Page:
Jacob’s first yadati (I know) refers to his firsthand knowledge and experience that life does not always unfold along a linear trajectory. As the psalmist proclaims, God’s greatness is ein heker, beyond our comprehension (Psalm 145). We see this pattern evidenced repeatedly in Genesis. Abraham, the youngest of three, receives the call from God. Isaac inherits the birthright over his older half brother, Ishmael. Jacob himself receives the birthright over his older twin brother, Esau. And Joseph, the son of the second wife, Rachel, is at the helm of the family, literally lording over his brothers, including Reuven, Jacob’s oldest son.

When dealing with faith and the covenant with the children of Abraham, human birth order and the normal rules of nature are not applicable. In other words, one’s birthright is not determined by one’s birth order. This represents the fundamental message of the entire Torah on familial and national levels.

That Jacob utters “yadati” twice also signals to his descendants that the covenant of Abraham has entered a new phase. Earlier in Genesis, we find Abram—childless at that time—being addressed by God: “And He said to him, ‘Know well that your offspring shall be strangers in a land not theirs, and they shall be enslaved and oppressed four hundred years’” (Etz Hayim, Gen. 15:13). It is important to note that the expression “know well” actually appears as two words, “yado’a tayda, in the Hebrew text. In both this verse and the one in Parshat Va-y’hi,the Hebrew word for “know” appears twice when once would have sufficed.

The second yadati serves as a segue into the next chapter for the burgeoning Israelite nation. What Jacob knows is that the path ahead will be filled with hardship, slavery, and affliction, but salvation lies beyond that. Who could ever imagine that a slave people could leave, let alone be liberated from, their masters, the world’s superpower of the era? Yet the covenant of Abraham does not operate by the ordinary rules of political science.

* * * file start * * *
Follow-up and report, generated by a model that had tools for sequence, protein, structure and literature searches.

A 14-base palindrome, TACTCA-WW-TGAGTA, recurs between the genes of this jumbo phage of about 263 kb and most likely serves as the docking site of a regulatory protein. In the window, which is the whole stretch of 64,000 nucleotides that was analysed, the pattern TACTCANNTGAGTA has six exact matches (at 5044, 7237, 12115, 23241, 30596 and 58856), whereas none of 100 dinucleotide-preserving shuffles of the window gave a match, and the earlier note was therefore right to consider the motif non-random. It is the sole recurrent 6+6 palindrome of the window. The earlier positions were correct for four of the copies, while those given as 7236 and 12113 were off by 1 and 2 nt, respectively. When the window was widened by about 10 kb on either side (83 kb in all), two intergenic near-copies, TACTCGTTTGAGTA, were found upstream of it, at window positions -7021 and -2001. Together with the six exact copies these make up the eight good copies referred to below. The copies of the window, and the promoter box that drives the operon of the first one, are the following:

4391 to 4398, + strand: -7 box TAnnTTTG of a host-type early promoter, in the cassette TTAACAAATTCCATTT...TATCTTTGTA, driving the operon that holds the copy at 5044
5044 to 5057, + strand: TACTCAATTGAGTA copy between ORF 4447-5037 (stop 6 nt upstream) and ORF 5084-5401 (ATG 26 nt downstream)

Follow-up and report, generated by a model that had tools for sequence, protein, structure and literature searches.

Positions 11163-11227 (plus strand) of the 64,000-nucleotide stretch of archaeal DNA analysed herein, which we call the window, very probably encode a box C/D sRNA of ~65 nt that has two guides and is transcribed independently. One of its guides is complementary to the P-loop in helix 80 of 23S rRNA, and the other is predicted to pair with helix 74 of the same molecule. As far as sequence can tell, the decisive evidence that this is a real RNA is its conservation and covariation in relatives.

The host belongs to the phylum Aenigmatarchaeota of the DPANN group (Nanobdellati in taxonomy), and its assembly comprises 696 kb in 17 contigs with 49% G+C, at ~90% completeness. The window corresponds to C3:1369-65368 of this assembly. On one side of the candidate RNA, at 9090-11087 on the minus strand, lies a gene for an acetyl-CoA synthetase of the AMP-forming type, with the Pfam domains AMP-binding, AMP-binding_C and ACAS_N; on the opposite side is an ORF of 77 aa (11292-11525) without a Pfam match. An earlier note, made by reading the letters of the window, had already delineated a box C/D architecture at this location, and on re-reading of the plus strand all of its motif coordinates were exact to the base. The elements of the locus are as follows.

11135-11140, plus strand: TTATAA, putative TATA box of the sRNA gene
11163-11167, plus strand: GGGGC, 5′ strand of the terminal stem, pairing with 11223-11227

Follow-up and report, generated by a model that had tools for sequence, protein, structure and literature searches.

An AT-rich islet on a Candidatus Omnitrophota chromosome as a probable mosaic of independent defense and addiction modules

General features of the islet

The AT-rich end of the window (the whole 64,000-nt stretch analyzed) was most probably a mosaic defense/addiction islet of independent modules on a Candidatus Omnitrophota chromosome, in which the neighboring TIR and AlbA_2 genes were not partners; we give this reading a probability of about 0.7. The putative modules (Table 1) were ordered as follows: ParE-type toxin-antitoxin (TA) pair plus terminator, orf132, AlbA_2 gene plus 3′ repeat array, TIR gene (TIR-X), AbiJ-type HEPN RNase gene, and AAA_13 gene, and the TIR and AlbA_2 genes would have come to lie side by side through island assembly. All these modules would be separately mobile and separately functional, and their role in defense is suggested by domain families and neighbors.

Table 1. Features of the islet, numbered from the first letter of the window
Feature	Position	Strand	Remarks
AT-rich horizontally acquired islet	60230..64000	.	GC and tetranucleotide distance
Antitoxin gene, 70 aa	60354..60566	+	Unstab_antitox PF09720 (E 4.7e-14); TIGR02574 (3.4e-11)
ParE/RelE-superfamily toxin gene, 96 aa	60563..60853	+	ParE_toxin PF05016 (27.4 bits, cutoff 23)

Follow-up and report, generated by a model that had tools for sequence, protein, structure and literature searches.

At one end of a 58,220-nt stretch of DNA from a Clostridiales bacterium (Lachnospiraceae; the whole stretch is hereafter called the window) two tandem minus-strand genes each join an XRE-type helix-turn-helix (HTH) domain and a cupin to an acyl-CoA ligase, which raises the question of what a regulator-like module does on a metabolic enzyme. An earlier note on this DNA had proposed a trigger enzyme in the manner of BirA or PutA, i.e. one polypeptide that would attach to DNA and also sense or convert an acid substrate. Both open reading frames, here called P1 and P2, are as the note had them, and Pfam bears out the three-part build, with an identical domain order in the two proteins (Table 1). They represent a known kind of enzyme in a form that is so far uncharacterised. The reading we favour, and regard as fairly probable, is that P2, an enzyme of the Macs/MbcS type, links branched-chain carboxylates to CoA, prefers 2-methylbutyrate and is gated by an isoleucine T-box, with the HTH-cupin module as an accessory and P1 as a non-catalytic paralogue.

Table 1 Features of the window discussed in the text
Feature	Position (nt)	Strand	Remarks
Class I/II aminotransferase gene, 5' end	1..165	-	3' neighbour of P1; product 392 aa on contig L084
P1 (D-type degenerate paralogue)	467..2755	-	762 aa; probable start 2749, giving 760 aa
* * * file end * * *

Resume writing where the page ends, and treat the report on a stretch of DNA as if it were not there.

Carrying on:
In his 1898 essay “Concerning the Jews,” Mark Twain affirms this observation:

The Egyptian, the Babylonian, and the Persian rose, filled the planet with sound and splendor, then . . . passed away. The Greek and the Roman followed. The Jew saw them all, beat them all, and is now what he always was, exhibiting no decadence, no infirmities of age, no weakening of his parts . . . All things are mortal but the Jew; all other forces pass, but he remains. What is the secret of his immortality?

Two thousand years after Jacob’s deathbed scene, Twain marvels at the unfathomable sustained presence of the Jewish people, despite our tragedies and travails. Fifty years later, with the founding of the State of Israel, David Ben Gurion provides an answer to Twain’s query: “In Israel, in order to be a realist, you must believe in miracles.”

Every Friday night, as Jewish parents reenact this ancient scene by embracing and blessing their children, they communicate that our deeds will shape the blessings we receive. Equally important, they share our patriarch Jacob’s knowledge that the covenant of Abraham means that the unexpected can happen at any time and bring salvation to our people and the whole world.

The publication and distribution of the JTS Commentary are made possible by a generous grant from Rita Dee and Harold (z”l) Hassenfeld.